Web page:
Training Camp 2016

BY IN Exercise Institute News On August 2, 2016

Our annual training camp for 2016 featured both non-elite and elite male and female triathletes and cyclists, held in the beautiful training region of Ferguson Valley. Athletes had access to undulating sealed and unsealed roads for cycling, running trails and a man made lake for swimming. Importantly the training area was largely removed from urban aspects with the bulk of training occurring within a ‘green landscape’ of forests, bushland and beautiful naturescapes. Training in green environments has been shown to improve health aspects and even athletic performance variables thus we took advantage of some of the recent empirical findings.

Having a diverse mixture of athletes/exercisers present for a training camp could have some inherent difficulties, however everyone attending the camp shared similarities with respect to training dedication and commitment, meaning we all shared a similar path forward toward different goals. Ironman 70.3 World Championships, Ironman World Championships, Australian Masters Cycling Championships etc were some of the goals of our attendee’s, with others wanting to simply get some training in and enjoy a peaceful setting. Task accomplished for everyone.

Attendee’s were able to share their experiences around training, pour over data and talk about training strategy and focus when not exercising. Each evening, after around 4-5hrs of training per day, we reviewed innovative aspects around exercise training and racing. Some of these aspects were as follows:

  • What is polarized training and how do we identify high and low intensities? Polarised training refers to training at intensities above the 2nd ventilation threshold (high intensity) and below the 1st ventilation threshold (low intensity). Through base training periods a 20/80 ratio might apply (20% of volume high intensity, 80% of volume low intensity). On discussing these issues with our attendees it was apparent that most were training too hard too often, which diminished their ability to train hard when required. Polarised training can optimise performance variables, and was something each athlete knew about theoretically but applying it to actual practice was difficult to implement. Learning how to train high and low was thus explored practically day to day through the camp.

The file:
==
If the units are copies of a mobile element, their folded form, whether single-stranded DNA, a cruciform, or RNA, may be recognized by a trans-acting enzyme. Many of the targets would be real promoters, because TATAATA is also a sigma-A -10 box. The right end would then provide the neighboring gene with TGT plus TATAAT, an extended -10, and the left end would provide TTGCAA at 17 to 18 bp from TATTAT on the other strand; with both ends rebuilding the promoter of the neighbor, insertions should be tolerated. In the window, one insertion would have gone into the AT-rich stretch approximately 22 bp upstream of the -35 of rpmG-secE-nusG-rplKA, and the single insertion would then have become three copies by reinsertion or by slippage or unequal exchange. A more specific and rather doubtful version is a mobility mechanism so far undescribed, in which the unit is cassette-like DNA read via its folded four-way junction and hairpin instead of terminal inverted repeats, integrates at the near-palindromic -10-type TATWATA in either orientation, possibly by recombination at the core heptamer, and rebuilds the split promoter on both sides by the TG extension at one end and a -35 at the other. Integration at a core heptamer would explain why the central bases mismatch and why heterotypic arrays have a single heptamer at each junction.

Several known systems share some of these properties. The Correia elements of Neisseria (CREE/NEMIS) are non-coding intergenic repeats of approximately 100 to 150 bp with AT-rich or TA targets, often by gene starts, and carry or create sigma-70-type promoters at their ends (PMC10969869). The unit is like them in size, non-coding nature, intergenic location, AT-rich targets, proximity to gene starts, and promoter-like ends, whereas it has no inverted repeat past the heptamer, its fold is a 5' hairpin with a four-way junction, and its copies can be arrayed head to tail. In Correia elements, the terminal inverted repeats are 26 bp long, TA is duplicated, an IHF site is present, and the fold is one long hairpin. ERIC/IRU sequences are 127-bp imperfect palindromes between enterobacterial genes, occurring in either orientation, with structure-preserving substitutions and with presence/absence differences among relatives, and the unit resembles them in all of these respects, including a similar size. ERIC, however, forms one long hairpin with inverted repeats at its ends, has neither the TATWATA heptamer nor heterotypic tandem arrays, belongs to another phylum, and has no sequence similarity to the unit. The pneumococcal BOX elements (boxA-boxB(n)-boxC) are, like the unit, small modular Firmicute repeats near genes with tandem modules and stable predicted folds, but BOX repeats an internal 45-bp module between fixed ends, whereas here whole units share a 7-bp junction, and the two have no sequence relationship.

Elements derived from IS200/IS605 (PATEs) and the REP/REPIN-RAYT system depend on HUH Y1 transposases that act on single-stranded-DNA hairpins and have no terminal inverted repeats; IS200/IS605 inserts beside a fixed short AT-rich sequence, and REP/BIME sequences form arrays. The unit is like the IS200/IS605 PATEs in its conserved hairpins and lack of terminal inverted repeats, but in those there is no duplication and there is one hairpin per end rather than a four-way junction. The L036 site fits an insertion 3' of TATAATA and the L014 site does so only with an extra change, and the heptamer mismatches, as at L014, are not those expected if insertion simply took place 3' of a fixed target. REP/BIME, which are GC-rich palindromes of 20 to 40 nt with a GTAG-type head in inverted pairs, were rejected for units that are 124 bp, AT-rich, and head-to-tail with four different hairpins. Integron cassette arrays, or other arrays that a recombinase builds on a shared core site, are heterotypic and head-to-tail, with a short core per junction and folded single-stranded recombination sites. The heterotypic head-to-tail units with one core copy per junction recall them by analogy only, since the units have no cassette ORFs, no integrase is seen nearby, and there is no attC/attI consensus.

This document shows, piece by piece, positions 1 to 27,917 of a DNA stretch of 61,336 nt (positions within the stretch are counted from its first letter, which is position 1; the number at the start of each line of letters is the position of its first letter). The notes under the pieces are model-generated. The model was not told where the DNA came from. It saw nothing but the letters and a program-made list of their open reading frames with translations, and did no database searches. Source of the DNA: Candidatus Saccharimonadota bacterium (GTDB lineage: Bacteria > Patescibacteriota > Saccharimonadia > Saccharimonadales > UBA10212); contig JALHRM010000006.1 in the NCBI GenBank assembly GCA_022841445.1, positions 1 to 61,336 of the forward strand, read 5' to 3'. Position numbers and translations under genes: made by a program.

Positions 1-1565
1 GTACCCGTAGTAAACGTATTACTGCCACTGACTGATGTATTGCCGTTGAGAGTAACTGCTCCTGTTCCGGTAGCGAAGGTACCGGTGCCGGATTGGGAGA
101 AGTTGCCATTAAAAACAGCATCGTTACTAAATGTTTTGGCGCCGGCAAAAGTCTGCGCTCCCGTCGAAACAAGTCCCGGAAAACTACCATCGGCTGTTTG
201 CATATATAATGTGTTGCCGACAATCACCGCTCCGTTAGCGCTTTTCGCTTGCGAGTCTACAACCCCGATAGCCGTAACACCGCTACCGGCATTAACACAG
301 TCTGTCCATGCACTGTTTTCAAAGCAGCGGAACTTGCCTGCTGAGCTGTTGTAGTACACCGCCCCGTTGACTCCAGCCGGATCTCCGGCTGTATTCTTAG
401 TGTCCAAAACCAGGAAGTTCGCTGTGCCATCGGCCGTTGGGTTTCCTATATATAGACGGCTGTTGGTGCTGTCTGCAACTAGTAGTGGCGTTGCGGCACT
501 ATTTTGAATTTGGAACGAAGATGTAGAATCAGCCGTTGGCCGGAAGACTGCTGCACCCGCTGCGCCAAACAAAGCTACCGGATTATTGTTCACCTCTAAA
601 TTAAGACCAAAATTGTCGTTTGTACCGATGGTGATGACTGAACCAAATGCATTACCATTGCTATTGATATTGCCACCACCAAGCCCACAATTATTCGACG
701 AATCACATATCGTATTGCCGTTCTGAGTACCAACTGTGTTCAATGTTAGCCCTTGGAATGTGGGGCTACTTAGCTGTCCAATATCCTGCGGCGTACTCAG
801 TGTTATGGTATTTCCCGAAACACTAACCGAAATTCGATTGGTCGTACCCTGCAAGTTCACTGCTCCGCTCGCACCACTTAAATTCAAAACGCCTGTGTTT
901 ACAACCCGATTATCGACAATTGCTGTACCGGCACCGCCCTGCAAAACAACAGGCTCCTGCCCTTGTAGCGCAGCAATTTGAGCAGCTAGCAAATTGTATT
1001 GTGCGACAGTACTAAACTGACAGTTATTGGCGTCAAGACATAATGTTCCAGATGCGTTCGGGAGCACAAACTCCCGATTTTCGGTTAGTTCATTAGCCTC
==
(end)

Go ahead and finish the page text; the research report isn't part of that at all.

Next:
• Self Determined motivation refers to motivation that is intrinsic in nature and ‘of ones own volition’, this motivation can lead to optimal health & performance outcomes. We outlined what the psychological needs are for exercisers, including autonomy, relatedness and competence and discussed how these needs can be effected through injury, poor performance and even travelling/racing in foreign environments. The psychological needs of autonomy, relatedness and competence are required in order for an individual to have a high level of self determined motivation. This form of motivation can lead to optimal health and well-being outcomes and even improvements in sports performance. Strategy around how to safeguard each athletes psychological needs was explored and discussed to enhance their own athletic journey.
  • The role of carbohydrate in high intensity exercise is something that can be overlooked when attempting to lose weight or improve a power/weight ratio. The body uses different percentages of fuel mixtures (carbohydrates, fats and proteins) as exercise intensity increases. If carbohydrates are not present through high intensity exercise (exercise above the 2nd ventilation threshold) then the amount of time spent at this intensity can be compromised and reduced. We explored the ratio of carbohydrate use at high intensity and discussed strategy to improve intake in and around exercise. We were able to demonstrate acute increases in performance across our training camp on days when intake was adequate, this is in line with current recommendations around carbohydrate intake for high intensity exercise. Again we were able to put to practice some of the theory during the training camp for best effect.

Across the 5 days attendee’s were able to explore and discuss strategy aimed at furthering their own development, not just for short term gain, toward longer term objectives. Understanding that the greatest strength of any athlete lies years, even a decade away, is important in safeguarding their own development through sport or exercise. Be it a high profile event result or the completion of a participation event, many factors can improve your chances of success and enjoyment through the training process.

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Ferguson Valley Naturescape

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Swimming in the local lake area

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Accommodation set along the banks of the forest and lake area

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Gnomesville with Hannah

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Wellington Dam

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Ferguson Valley


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